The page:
Friday, July 10, 2020

Miniseries Review - Life in Squares

Life in Squares
Starring: Phoebe Fox, Eve Best, Christian Brassington, Eleanor Bron, James Clay, Lydia Leonard, Catherine McCormack, James Norton, Rupert Penry-Jones, Ed Birch, Ben Lloyd-Hughes, Jack Davenport, Sam Hoare, Andrew Havill, Elliot Cowan, Edmund Kingsley, James Northcote, Deborah Findlay, Anton Lesser, Al Weaver, Guy Henry, Jenny Howe, Charlie Appleyard, Maximilian Scull, Finn Jones, Louis Fisher, Edmund Digby-Jones, Rosie Ede, Lucy Boynton, Simon Thomas, and Emily Bruni
Release Date: July 27th, 2015 - August 10th, 2015
Rating: ★★
To Watch

Siblings Vanessa, Virginia, and Adrian Stephen have been liberated from societal, conventional, and parental expectations with the death of their father. Though Virginia's mental health remains delicate a hovering Aunt is no match to their desire to freely express themselves and break free of the assigned rolls expected of them. If they use only one spoon for the entire household, so be it! Dishes take up so much time that could be used productively in the pursuit of art! In an effort to give the girls a glimpse of the greater artistic community Adrian invites over his college friends for salons. At first Vanessa and Virginia feel that they are still constrained, being the hostesses of these evenings, but slowly they become equals to the Cambridge and Oxford educated boys. Thus the Bloomsbury Group came to exist, but their relationships would often be fraught. The love triangles were endless and endlessly discussed. Virginia was forever concerned with losing her sister to marriage, the state to which their hovering Aunt approved above all others! The art critic Clive Bell seemed the most likely candidate to whisk Vanessa away. And after the heartbreaking death of their brother to typhoid Virginia lost her sister to Bell and her sisters newfound love of copulation which soon brought about her first child, Julian. But five years later Virginia would marry Leonard Woolf, though wouldn't take as much joy in copulation as her sister and sadly would have a bad breakdown resulting in a suicide attempt. She was able to come back from this and her first book was published in 1915. With war on the horizon a significant portion of the Bloomsbury Group decamped from Bloomsbury. Vanessa, Duncan Grant, and Duncan's lover David Garnett moved to the Sussex countryside where Vanessa and Duncan could paint while Duncan and David worked the land instead of serving in the army. But this move to the countryside would complicate everything, as Vanessa realized that the homosexual Duncan was the love of her life and she decided that they would have a child together, which they did. Years pass in which no one talks about all their trysts and on the eve of another world war everything starts to break apart.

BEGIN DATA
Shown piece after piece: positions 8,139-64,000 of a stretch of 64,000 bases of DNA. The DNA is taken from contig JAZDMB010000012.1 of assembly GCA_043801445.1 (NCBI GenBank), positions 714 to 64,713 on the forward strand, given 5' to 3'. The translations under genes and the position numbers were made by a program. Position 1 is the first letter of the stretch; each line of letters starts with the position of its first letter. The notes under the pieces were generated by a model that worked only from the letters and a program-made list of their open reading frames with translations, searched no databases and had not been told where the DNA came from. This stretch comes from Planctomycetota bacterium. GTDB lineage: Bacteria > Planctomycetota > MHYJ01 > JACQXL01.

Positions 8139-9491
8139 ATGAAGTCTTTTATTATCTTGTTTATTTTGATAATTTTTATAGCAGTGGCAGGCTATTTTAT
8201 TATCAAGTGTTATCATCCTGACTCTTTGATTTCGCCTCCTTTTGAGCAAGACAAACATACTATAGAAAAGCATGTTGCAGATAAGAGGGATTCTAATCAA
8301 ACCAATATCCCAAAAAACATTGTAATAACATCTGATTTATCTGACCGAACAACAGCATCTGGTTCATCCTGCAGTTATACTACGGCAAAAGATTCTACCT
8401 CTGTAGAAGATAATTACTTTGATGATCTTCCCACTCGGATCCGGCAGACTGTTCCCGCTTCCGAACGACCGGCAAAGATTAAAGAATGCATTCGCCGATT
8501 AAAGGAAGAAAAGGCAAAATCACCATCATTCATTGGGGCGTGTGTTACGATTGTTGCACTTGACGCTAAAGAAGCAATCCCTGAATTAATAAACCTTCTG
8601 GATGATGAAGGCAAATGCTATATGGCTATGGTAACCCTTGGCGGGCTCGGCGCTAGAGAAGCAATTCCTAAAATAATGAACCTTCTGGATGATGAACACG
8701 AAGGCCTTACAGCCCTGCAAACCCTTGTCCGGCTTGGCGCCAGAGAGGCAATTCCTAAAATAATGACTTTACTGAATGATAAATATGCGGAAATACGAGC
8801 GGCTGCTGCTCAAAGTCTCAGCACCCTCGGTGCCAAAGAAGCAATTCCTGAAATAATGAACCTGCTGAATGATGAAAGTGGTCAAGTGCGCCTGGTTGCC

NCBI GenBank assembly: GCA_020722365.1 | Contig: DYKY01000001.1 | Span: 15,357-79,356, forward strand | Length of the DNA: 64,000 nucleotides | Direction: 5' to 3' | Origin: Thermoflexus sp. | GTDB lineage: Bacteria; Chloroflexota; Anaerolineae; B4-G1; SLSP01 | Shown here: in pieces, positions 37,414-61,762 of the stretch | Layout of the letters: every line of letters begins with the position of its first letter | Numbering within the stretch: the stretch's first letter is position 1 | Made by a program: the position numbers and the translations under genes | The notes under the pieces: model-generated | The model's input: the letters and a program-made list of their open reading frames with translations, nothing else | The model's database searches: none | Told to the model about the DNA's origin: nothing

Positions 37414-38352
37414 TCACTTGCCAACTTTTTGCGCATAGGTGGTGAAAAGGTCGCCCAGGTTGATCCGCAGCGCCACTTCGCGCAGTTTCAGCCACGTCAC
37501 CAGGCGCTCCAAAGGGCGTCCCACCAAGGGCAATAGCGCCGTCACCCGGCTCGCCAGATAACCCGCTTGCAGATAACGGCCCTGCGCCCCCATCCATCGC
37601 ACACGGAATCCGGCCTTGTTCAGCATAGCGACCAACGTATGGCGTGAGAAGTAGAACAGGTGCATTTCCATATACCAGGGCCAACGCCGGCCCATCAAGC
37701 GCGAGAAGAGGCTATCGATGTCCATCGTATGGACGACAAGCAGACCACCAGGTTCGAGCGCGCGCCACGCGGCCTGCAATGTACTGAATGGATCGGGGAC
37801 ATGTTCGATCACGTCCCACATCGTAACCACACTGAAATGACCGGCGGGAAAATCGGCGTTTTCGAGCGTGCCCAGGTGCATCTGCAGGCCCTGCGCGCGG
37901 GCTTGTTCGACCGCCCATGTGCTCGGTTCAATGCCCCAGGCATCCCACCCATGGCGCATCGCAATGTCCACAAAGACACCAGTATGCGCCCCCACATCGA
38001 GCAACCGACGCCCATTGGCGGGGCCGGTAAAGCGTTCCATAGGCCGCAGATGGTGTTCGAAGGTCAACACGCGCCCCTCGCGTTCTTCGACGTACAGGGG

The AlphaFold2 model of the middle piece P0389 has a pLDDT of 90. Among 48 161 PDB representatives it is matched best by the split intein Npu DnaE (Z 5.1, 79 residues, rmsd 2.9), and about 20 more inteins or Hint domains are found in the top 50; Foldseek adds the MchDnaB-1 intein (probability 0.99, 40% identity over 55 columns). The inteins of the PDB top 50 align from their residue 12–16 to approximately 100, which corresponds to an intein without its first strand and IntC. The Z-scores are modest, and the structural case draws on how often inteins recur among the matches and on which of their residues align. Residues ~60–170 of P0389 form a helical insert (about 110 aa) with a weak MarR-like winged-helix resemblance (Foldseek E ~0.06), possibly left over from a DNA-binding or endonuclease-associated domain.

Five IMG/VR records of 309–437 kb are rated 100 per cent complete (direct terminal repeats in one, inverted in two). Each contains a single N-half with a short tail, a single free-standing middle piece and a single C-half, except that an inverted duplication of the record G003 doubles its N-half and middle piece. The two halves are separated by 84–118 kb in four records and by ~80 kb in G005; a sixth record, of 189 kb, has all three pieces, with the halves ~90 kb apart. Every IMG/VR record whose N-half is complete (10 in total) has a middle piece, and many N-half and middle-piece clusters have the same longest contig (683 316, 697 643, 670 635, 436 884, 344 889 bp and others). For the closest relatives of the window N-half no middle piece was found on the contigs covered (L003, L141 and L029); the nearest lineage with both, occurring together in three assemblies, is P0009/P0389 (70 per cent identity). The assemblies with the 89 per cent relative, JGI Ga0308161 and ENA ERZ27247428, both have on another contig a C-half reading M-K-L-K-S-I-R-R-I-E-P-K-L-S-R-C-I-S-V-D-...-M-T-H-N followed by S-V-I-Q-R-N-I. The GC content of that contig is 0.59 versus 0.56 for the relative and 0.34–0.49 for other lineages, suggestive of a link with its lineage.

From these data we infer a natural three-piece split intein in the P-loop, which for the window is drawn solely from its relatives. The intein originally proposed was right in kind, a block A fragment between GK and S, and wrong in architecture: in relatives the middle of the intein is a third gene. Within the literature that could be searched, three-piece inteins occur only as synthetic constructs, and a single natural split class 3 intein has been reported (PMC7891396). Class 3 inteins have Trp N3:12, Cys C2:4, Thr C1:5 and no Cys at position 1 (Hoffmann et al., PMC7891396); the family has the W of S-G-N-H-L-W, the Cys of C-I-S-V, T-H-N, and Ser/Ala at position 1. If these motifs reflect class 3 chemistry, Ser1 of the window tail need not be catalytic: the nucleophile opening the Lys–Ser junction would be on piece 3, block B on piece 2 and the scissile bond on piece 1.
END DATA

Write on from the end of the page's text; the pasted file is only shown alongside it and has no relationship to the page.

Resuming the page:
Dorothy Parker famously quipped that the Bloomsbury Group "lived in squares, painted in circles and loved in triangles." The squares and the circles of this adaptation are pitch perfect. The atmosphere, the rooms with every visible surface decorated, the feeling of a lived in artistic space is spot on, so much so that I've started to look at my door jambs and think that they are lacking something in being painted a flat white. I wanted to walk through those rooms and just absorb the creativity. Unfortunately this miniseries is all about the triangles. And I have a feeling that watching the background as I did wasn't the intended purpose in making this promiscuous miniseries. Comprising of three episodes the first two episodes are all about graphic copulation while the third is the Group clumsily dealing with the fallout of said copulation. Now I'm not one to be a prude, I just feel that graphic sex needs to be in aid of something, in particular, the story being told. Here it just seemed to be shorthand for their freedom, both intellectually and sexually. Yet there was a line that struck me as odd, Vanessa receives a letter from Virginia who is on her honeymoon saying she doesn't think sex is all it's cracked up to be and Vanessa blithely replies that the Duckworths messed Virginia up. This sent me down a Wikipedia rabbit hole learning about Virigina's sexual abuse at the hands of her stepbrothers, the Duckworths. I'm sorry, what!?! There's a real issue here that should be dealt with instead it's glossed over or made bawdy, more copulation please! This was the turning point for me. And this doesn't even cover Vanessa's daughter marrying her father's ex-lover! If something so important could be shoved aside as nothing then how could I enjoy anything I was seeing? This disconnect was made "easier" by the switching of the cast between the second and third episodes. In the first two episodes we see glimpses of their future selves played by different actors, and these glimpses were fine and were meant to cushion the blow of switching to the older actors. The problem was I was invested in the younger actors and their relationships, the older actors, once on their own, had no chemistry. None! Nothing at all, it was horrid. And as for Eve Best as the older Vanessa, do they do Razzies for television?


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